Sunday, December 30, 2012

Microbiology / Science Trends in Web Search (2004-2012)

Just caught wind of this Google Trends tool that shows you the worldwide web search interest in any term you give it from the period 2004-2012. It then scales the data over time as a percentage from 0 to 100%, with 100% being the peak of the search intensity.

So I dipped into some science words. Interesting trends below...

-reassuring but no surprise here. Looks like we're now in an exponential growth phase

- odd oscillations that I cant quite put a finger on, but note increasing trend over time

-Note how popular this term was 8 years ago, prior to rush of studies on microbial diversity in hosts, now referred to as microbiome and microbiota

-same problem as microbial diversity, above

-Yowza, trend seems to show pretty big decline with a flatline now. Is this correlated to rise of anti-evolution bills, I wonder.

-again, I take this as a concerning sign. Sigh

-uggghh, more sighs

-positive control in this experiment works!

Grant Writing Inspiration [picture]

Bringing out the big guns for a dose of grant writing inspiration today

Coffee, check
Spicy hot cocoa to add kick, check
Candle (and cello music) ambiance, check
Darwin bobble, check
Matryoshka doll for symbiosis, check
Foam earth ball to toss against wall, check

Brain upgrade initiating....

Tuesday, December 18, 2012

"The Large Immune Effect" - Vlog 2

In this 2nd video blog (vlog), I introduce the concept of the Large Immune Effect - a colloquial term first introduced in our Speciation by Symbiosis Review in Trends in Ecology and Evolution 27(8):443. The Large Immune Effect refers to the collection of evolution studies that provide evidence that immune genes are the most rapidly evolving in human and other animal's genomes and undergo the most adaptive evolution. As a result, immune genes are agents of change that can drive population shifts in the microbiome which may parallel the evolutionary history of the host. Its interconnections with Phylosymbiosis are presented, which is a term that was previous discussed in video blog (vlog) 1. As mentioned previously, I view these vlogs so far as experiments that will only survive or not with your feedback. I look forward to your criticisms or support on the video blogging vs. text blogging and the concepts in the videos. Thanks, Seth

Saturday, December 15, 2012

"Phylosymbiotic" - Vlog 1

I've decided to incorporate video blogs in order to make some of the information exchange here more immersive and interactive. While I can't see the others watching or reading these blogs, I do know that I appreciate video over reading myself. Scientists are often out of the comfort zone on video, and stick to what they know best - writing. But in my opinion we need not worry so much as the point of social media, blogging, and microblogging is to connect. Video blogging can be easier and more immersive, thus establishing better connections. Through video and the general media, science has a better opportunity to increase scientific literacy. So here goes jumping into the video blogosphere head first. Hope others consider doing this too -Seth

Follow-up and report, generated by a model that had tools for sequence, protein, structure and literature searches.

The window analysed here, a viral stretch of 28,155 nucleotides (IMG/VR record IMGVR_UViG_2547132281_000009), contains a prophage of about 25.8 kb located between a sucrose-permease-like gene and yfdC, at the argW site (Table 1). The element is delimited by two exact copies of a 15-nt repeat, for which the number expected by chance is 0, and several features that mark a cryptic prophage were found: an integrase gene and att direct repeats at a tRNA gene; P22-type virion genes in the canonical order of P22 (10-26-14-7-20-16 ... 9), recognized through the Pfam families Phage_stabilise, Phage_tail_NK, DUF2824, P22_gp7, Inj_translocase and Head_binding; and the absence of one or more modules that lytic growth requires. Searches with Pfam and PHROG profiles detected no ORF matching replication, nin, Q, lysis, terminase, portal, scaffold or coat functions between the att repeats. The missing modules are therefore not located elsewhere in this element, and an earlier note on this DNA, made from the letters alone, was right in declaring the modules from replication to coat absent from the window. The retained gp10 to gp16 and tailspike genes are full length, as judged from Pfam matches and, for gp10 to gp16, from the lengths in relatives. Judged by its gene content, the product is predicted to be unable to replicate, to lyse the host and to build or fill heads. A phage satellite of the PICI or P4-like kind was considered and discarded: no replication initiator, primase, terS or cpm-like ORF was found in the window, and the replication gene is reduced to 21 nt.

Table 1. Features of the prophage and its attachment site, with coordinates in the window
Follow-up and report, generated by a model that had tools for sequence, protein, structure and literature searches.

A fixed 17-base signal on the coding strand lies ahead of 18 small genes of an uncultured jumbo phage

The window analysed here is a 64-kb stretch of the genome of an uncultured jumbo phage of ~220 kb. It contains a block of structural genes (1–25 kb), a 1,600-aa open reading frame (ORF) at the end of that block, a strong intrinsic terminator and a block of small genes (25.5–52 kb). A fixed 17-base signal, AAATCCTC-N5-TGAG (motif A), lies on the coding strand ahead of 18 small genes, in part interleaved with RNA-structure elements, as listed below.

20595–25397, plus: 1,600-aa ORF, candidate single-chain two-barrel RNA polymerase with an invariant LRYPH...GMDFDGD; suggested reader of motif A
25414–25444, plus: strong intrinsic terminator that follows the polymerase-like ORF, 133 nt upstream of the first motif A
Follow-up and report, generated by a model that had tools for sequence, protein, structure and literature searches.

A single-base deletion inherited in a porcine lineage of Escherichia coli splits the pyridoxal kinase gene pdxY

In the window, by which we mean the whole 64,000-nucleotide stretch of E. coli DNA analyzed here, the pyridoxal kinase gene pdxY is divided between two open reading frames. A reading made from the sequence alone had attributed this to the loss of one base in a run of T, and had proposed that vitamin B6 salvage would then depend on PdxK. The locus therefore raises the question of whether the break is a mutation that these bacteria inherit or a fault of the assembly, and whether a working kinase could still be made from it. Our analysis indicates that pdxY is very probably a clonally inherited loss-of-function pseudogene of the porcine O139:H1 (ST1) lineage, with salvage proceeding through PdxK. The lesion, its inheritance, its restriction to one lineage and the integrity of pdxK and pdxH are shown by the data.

Monday, December 3, 2012

The Digitization of Education: What is all the fuss about MOOC?

Have you heard the buzz around Massive Open Online Education (MOOC) over the last year? How much do you really know? From the Khan Academy videos to the water cooler talk among department colleagues who are rightfully concerned about the future of their profession, there is a tidal wave of change potentially coming to Universities. 

Information technology has changed every industry it has touched and it is currently in the nascent stages of changing academia. Ten years from now if information technology has its way, education will be far different, more immersive, and hopefully more beneficial to the masses than it is today. The division of student and professor will possibly be blurred as the conventional rules of linear lecturing will be decommissioned to an academic world that the student hasn't created, but nonetheless gets to affect through their own online learning.

I have been looking for a good article or video on MOOCs to brush up on my basic understanding of them. This one is it. Coursera co-founder Daphne Koller gives a perfect 20 minute breakdown via her TED talk. It touches on the need, promise, opportunities, and fears of MOOCs.

For a critique of the MOOC movement, see this recently published article.  The MOOC movement is not an indicator of educational evolution.